Jason Shulman, Ph.D. – Assistant Professor, Physics Program
H-229, Jason.Shulman@stockton.edu

Dr. Jason Shulman

Undergraduate Students

Current Student Groups

Lizard Forelimb Kinematics – “Bonnan’s Beardies”

The "Bonnan Beardies" crew with our treadmill (center) and motion capture system (left).  From left to right, Alex Lauffer, Kieran Tracey, Alex Hilbmann, and Corey Barnes.

The “Bonnan Beardies” crew with our treadmill (center) and motion capture system (left). From left to right, Alex Lauffer, Kieran Tracey, Alex Hilbmann, and Corey Barnes.

Undergraduate Caleb Bayewu with another rat we dubbed Jabba.

Caleb Bayweu is an old hand with rats but recently joined the lizard kinematics group. Welcome aboard, Caleb!

Small/Crouched Mammal Forelimb Kinematics

Kelsey Gamble in Lab

Kelsey Gamble with Peter the rat.

Undergrad Bridget Kuhlman coaxing one of our ferrest, "Mocha," with ferret treats to walk on the treadmill.

Undergrad Bridget Kuhlman coaxing one of our ferrets, “Mocha,” with ferret treats to walk on the treadmill.

Lab Alumni

Evan Drake, who helped with the initial XROMM animations for our rat forelimb research.

Evan Drake

Kadeisha Pinkney, who helped analyze the data of our rat XROMM forelimb research.

Kadeisha Pinkney

Radha Varadharajan, now applying to several vet schools, shown below collected data on rat locomotion in the Brown University XROMM C-arms lab.

Radha Varadharajan at Brown with Beth Brainerd.

Cailin Bader, who helped with collecting data on forelimb locomotion in leopard geckos.

Cailin Bader

Celia Rodriguez, who helped with collecting data on forelimb locomotion in leopard geckos.

Celia Rodriguez

Animals

Species we are currently studying in our lab:

Reptiles

 

GeckoEublepharis maculariusLeopard geckos

"Hall," the monitor lizard.

“Hall,” the monitor lizard.

Varanus exanthematicus – Savannah monitors

A close up of one of our bearded dragons, decked out with optical tracking markers.Pogona vitticeps – Australian bearded dragons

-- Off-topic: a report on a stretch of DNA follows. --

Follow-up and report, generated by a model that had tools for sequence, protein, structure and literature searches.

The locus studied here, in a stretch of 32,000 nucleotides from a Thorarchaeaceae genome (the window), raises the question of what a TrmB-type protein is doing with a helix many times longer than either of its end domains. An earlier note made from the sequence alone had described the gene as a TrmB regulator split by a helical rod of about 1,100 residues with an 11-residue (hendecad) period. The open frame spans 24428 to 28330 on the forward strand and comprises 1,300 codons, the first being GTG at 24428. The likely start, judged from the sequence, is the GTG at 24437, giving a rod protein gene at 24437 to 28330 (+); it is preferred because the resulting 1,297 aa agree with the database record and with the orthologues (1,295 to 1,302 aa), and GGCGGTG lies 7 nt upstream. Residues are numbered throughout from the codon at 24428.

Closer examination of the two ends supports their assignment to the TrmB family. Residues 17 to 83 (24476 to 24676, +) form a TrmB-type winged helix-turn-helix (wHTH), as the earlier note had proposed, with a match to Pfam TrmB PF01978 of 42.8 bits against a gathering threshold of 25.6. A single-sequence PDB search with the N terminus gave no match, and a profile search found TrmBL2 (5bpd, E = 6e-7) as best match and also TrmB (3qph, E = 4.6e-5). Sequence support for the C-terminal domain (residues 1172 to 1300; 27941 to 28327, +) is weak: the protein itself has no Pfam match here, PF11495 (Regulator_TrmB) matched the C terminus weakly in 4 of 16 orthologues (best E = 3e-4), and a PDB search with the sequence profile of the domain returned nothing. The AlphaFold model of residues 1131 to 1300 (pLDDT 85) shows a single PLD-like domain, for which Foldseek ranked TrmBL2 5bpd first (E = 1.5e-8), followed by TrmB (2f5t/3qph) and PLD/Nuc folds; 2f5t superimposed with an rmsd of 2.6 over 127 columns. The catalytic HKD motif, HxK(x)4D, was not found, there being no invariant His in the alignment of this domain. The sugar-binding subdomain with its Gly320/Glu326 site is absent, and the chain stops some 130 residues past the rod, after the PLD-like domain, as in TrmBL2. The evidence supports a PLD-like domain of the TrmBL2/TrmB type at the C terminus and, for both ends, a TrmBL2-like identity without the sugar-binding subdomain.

Mammals

Rattus norvegicus – “Norway” rats

Mustela putorius furo – Domestic ferrets

Presentations and Publications

BFF Lab at NERVES

 

 

 

 

 

2014

Our presentations at the 3rd Annual Northeast Regional Vertebrate Evolution Symposium at the American Museum of Natural History:

Evan DRAKE, KADEISHA PINKNEY, RADHA VARADHARAJAN, JASON SHULMAN,
AND MATTHEW F. BONNAN. Using XROMM to test the mobility of the radius and
ulna during locomotion in Rattus norvegicus: implications for fossil eutherians.

CALEB BAYEWU, KELSEY GAMBLE, JASON SHULMAN, J., AND MATTHEW F.
BONNAN. How upright is upright? Investigating forelimb posture during walking
in Rattus norvegicus using 3-D optical tracking: a pilot study.

CAILIN BADER, COREY BARNES, CELIA RODRIGUEZ, JASON SHULMAN, AND
MATTHEW F. BONNAN. Forelimb posture during walking in leopard geckos
(Eublepharis macularius) using 3-D optical tracking: a pilot study on a basal
terrestrial lizard.

2013

Our presentations at the 2nd Annual Northeast Regional Vertebrate Evolution Symposium at the New York Institute of Technology (NYIT):

Varadharajan, R. and Bonnan, M. F. 2013. Exploring 3-D long bone kinematics in the White Rat (Rattus norvegicus) as a model for inferring forelimb posture in early mammals: Contribution of the scapula. Northeastern Regional Symposium on Vertebrate Evolutionary Morphology, March 22, 2013. New York Institute of Technology, College of Osteopathic Medicine

Pinkney, K. and Bonnan, M. F. 2013. Exploring 3-D long bone kinematics in the White Rat (Rattus norvegicus) as a model for inferring forelimb posture in early mammals: Contribution of the humerus. Northeastern Regional Symposium on Vertebrate Evolutionary Morphology, March 22, 2013. New York Institute of Technology, College of Osteopathic Medicine.

Drake, E. and Bonnan, M.F. 2013. Exploring 3-D long bone kinematics in the White Rat (Rattus norvegicus) as a model for inferring forelimb posture in early mammals: Contribution of the radius and ulna. Northeastern Regional Symposium on Vertebrate Evolutionary Morphology, March 22, 2013. New York Institute of Technology, College of Osteopathic Medicine.

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5 thoughts on “The Best Feet Forward (BFF) Locomotion Lab

  1. Pingback: The Best Feet Forward (BFF) Locomotion Lab | The Evolving Paleontologist

  2. Pingback: Forelimb kinematics research off and running in the BFF Lab | The Evolving Paleontologist

  3. Pingback: Why I love bearded dragons -or- Putting lizards through their paces in the BFF Lab | The Evolving Paleontologist

  4. Pingback: News from the BFF Locomotion Lab | The Evolving Paleontologist

  5. Pingback: It is official: the BFF Lab has a CT scanner | The Evolving Paleontologist